Vital Records—American versus Romanian

Romanian flag

Romanian flag (Photo credit: Tudor Girba)

American flag

American flag (Photo credit: Wikipedia)

The other Romanian records I received last week from Marius Chelcu are the birth and marriage records of Gustave Rosenzweig, my great-great uncle, the man who stood up for and posted a bond of Jankel Srulovici, the man who met his nephew Isidor or Srul Srulovici at Ellis Island, and the man who signed as a witness for his niece Bertha at her wedding in 1915.  Although I’ve not yet found any record linking him directly to my grandfather or his siblings, I have to believe that he also helped out my grandfather when he first arrived and probably also helped when my great-grandfather died in 1910 right before his wife and other children arrived.

So I have a great feeling of fondness for Uncle Gustave, and I was very happy that Marius was able to find these records.  There were six pages of documents: a birth record, a record to prove that Gustave and his wife were not related under the Romanian Civil Code, and four pages of marriage records.  Marius explained that these last four are essentially the same, as marriage laws required that there be three announcements of the marriage. (I am not sure what the fourth represents.)  Marius only provided one translation of these four pages, however, so they need to be reviewed more carefully.  I wish I knew Romanian, but looking over these documents I can pick out many words because of their similarity to English, French or Italian.  But it is still hard to compare them, given the handwriting as well as the unfamiliar words.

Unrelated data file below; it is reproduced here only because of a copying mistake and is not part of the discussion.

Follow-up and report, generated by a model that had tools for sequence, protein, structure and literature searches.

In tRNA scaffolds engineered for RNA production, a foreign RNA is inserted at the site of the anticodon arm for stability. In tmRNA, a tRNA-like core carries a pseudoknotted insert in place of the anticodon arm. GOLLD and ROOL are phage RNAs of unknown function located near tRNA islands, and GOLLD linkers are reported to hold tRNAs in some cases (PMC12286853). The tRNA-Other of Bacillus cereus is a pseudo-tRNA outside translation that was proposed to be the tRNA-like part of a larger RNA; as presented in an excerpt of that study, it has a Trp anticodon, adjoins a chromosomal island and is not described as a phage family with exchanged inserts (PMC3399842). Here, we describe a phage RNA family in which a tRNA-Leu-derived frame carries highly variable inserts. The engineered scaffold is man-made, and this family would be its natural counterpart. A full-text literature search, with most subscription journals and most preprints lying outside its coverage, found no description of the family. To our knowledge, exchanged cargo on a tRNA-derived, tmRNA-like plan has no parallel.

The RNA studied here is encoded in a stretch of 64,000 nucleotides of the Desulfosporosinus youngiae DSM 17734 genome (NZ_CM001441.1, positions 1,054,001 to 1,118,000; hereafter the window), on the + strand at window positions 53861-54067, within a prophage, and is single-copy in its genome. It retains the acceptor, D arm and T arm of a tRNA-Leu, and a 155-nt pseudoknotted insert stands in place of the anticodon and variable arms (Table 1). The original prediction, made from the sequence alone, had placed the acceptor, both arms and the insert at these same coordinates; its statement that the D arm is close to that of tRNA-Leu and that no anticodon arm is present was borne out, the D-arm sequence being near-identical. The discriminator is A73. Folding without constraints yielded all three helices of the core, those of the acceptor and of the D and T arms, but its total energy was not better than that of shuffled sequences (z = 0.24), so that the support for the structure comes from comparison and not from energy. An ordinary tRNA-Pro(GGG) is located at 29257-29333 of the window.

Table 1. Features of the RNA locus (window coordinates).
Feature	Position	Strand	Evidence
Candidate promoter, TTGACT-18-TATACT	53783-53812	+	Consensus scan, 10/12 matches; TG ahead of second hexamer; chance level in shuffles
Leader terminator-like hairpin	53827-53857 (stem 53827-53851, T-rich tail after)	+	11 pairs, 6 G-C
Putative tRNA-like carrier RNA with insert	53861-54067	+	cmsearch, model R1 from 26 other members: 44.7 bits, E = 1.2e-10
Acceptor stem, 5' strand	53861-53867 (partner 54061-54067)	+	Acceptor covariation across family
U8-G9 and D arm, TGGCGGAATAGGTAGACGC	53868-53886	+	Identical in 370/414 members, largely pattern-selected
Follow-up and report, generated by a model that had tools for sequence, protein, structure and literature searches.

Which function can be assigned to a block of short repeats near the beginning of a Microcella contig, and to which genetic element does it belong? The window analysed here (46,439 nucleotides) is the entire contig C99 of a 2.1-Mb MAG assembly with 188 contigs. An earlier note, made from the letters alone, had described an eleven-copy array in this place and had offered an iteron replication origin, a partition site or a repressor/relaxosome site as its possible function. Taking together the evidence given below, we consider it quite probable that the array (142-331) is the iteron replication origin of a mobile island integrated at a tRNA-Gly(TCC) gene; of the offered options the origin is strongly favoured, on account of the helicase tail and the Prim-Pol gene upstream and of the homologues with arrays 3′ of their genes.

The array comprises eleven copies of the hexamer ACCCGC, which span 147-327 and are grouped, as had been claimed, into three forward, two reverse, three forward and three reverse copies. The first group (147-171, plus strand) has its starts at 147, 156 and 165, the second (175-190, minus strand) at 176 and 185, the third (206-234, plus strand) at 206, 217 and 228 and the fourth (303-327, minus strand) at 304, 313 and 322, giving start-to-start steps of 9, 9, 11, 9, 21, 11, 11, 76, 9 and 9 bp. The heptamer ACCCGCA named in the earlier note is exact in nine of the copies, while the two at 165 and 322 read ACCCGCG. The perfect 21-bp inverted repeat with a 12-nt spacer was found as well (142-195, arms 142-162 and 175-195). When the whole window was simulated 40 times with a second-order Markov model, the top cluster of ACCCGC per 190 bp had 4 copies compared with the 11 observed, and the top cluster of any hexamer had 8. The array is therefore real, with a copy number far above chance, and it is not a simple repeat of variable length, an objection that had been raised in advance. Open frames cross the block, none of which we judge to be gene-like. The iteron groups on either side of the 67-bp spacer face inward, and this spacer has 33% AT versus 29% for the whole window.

The birth record is not like the records I posted about yesterday, which were actual birth records for David and Rebecca Srulovici, filed at the time of their birth.  Gustave’s record was created at the time of his wedding in June, 1884, to substitute for a missing birth record.  On this document, four witnesses, including his father David Rosenzweig and his father-in-law to be, Itzic Zacu, attest to the fact of Gustave’s birth as Ghidale on June 10, 1856.  This document was important to me for several reasons: it provides not only information about Gustave’s birth date but also the birth year of my great-great grandfather David Rosenzweig.  The record gives David’s age as 60 in 1884, meaning he was born around 1824.  Also, it appears that Itzic Zacu knew Ghidale from birth or at least was willing to attest to that fact, perhaps indicating a close relationship between the Rosenzweig and Zacu families.

Gustave Rosenzweig birth record

Gustave Rosenzweig birth record

translation of birth record

translation of birth record

The second document is entitled “Testimony,” according to the translation provided by Marius.  The translation simply reports that Ihiel Fisler, a witness to the wedding, attested to the fact that Ghidale and his bride Ghitla Zacu were not related under the Civil Code.  The actual document, however, has four signatures, two written in Yiddish or Hebrew, two in the Latin alphabet.  I have tried to decipher the ones written in the Hebrew alphabet, but would love some help if anyone knows Hebrew script better than I do.